The rose is the official flower for Father’s Day and not surprisingly some rose bushes have been cleverly and commercially named with the day in mind.
Choose from Father’s Day, an orangey-red patio rose ideal for growing in containers; My Dad, a beautiful hybrid tea with bright red blooms; Special Dad, another hybrid tea, with scented red flowers; Simply the Best, with coppery-orange spicy scented blooms; or Absolutely Fabulous, with yellow highly perfumed blooms and good disease resistance.
Some of these may be available at your local garden centre or online from www.giftaplant.co.uk at around £15.
Years ago, sons and daughters also wore a rose to honour Father’s Day – a red one if their father was still alive, a white one if he had passed away.
How it all began
While Mother’s Day has been celebrated for hundreds of years, Father’s Day is a fairly recent concept and not surprisingly there are several accounts of its origins and history.
Many historians believe Grace Golden Clayton was the founder of the first Father’s Day in Fairmont, West Virginia on July 5, 1908 after Monongah, a nearby town, suffered a mine explosion killing more than 360 men.
Over 200 of these men were fathers and left behind their widows and more than 1,000 sons and daughters prompting Grace to initiate the idea of a special day for fathers to be honoured and remembered.
Others, however, attribute the origins of Father’s Day to another American woman.
Two years after Grace’s endeavours in 1910, a Washington lady named Sonora Smart Dodd also publicly recognised the need for a Father’s Day.
Having heard a Mother’s Day sermon in church the previous year, she felt that fatherhood deserved recognition too.
Having lost her mother at the age of 16, Dodd was brought up, along with her five siblings, by her father William Smart, a Civil War veteran; she was therefore very passionate about the need for a Father’s Day.
So it seems most of the credit does go to Sonora.
But a little more randomly, I have also read that the idea of Father’s Day may originate in pagan sun worship.
As some branches of paganism see the sun as the father of the cosmos and the summer solstice occurs around the same time of year as Father’s Day, some people see a link between the two.
Mums and dads are not the only ones to have celebratory days dedicated to them.
In 1990 Grandparent’s Day was introduced by Age Concern, and is now recognised annually on the first Sunday in October.
And even though Children’s Day is marked on various days around the world to honour children globally, the very first National Children’s Day UK was held on Wednesday, May 15 this year. So pop Grandparent’s Day in the diary and I don’t think you could give a better present than a home-made voucher for some help in their garden.
We mustn’t forget other members of the family of course; Love Your Pet Day was on February 20 but don’t worry if you missed that as Take Your Dog To Work Day is on June 21 (www.takeyourdog.com).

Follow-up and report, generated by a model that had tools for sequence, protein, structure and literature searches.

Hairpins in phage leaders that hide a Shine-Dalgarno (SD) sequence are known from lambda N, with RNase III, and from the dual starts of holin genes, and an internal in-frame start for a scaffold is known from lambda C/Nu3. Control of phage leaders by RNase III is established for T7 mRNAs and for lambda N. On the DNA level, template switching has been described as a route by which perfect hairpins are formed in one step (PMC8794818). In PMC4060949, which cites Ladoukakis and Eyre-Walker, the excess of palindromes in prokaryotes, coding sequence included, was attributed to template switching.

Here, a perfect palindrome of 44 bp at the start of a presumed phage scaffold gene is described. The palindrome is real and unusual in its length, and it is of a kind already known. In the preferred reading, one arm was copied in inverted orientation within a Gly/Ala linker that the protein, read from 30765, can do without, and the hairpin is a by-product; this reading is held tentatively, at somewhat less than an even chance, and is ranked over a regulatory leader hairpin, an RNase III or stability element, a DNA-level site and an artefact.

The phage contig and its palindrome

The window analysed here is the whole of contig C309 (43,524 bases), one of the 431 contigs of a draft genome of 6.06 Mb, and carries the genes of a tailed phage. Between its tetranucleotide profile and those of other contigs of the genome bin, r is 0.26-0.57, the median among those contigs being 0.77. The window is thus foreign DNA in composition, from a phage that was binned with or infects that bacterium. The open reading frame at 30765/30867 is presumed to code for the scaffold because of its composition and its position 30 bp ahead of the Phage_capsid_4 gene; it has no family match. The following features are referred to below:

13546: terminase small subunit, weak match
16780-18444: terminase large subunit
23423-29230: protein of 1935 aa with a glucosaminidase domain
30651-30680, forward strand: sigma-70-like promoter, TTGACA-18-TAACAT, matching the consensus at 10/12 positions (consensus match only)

Although, my own dog Yogi, thinks that every day is Love Your Pet Day and Take Your Dog to Work Day!
Gifts for Father’s Day
The most popular gift for Father’s Day is apparently a tie but if you are still looking for something a bit different, treat Dad to a day at the National Botanic Garden of Wales near Carmarthen.
Dads (and grandads) are allowed in FREE of charge tomorrow on Sunday June 16th to celebrate their special day and although there will be some bloomin’ lovely flowers to admire, green fingers are not essential as dads will have a chance to make their own F1 racing car and then race it on a special track, which will be set up in the Great Glasshouse.
There will be displays by Jaguar and Land Rover, and a science exhibition of work done by Maes yr Yrfa, Amman Valley, Gowerton and Gwyr schools, plus Coleg Sir Gâr, Swansea Metropolitan University, Cardiff University and Panasonic – all in association with STEMCymru and Engineering Education Scheme Wales (EESW).
Music, magic, merriment, a bouncy castle and general entertainment for the all the family awaits.
The garden is open from 10am-6pm and for more information about events at the National Botanic Garden of Wales, go to www.gardenofwales.org.uk or email email@example.com or call 01558 667149.
Gone but not forgotten
And I’m sure readers won’t mind me mentioning my own father, Bob, who passed away the day before Father’s Day 17 years ago.
There are many reminders of him locally in the many gardens in which he worked and my brother and I still mention and refer to him most days.
As a friend once said: “If only there were visiting hours for heaven.”
Gnome and garden
And if you are really struggling for that perfect Father’s Day gift, nip down to your local garden centre and buy a gnome.
They are topical and fashionable thanks to this year’s RHS Chelsea Flower Show lifting the ban on them and folklore also assures us that they are very lucky to have in the garden; so never mind what a TV advert may suggest… gnome is where the heart is!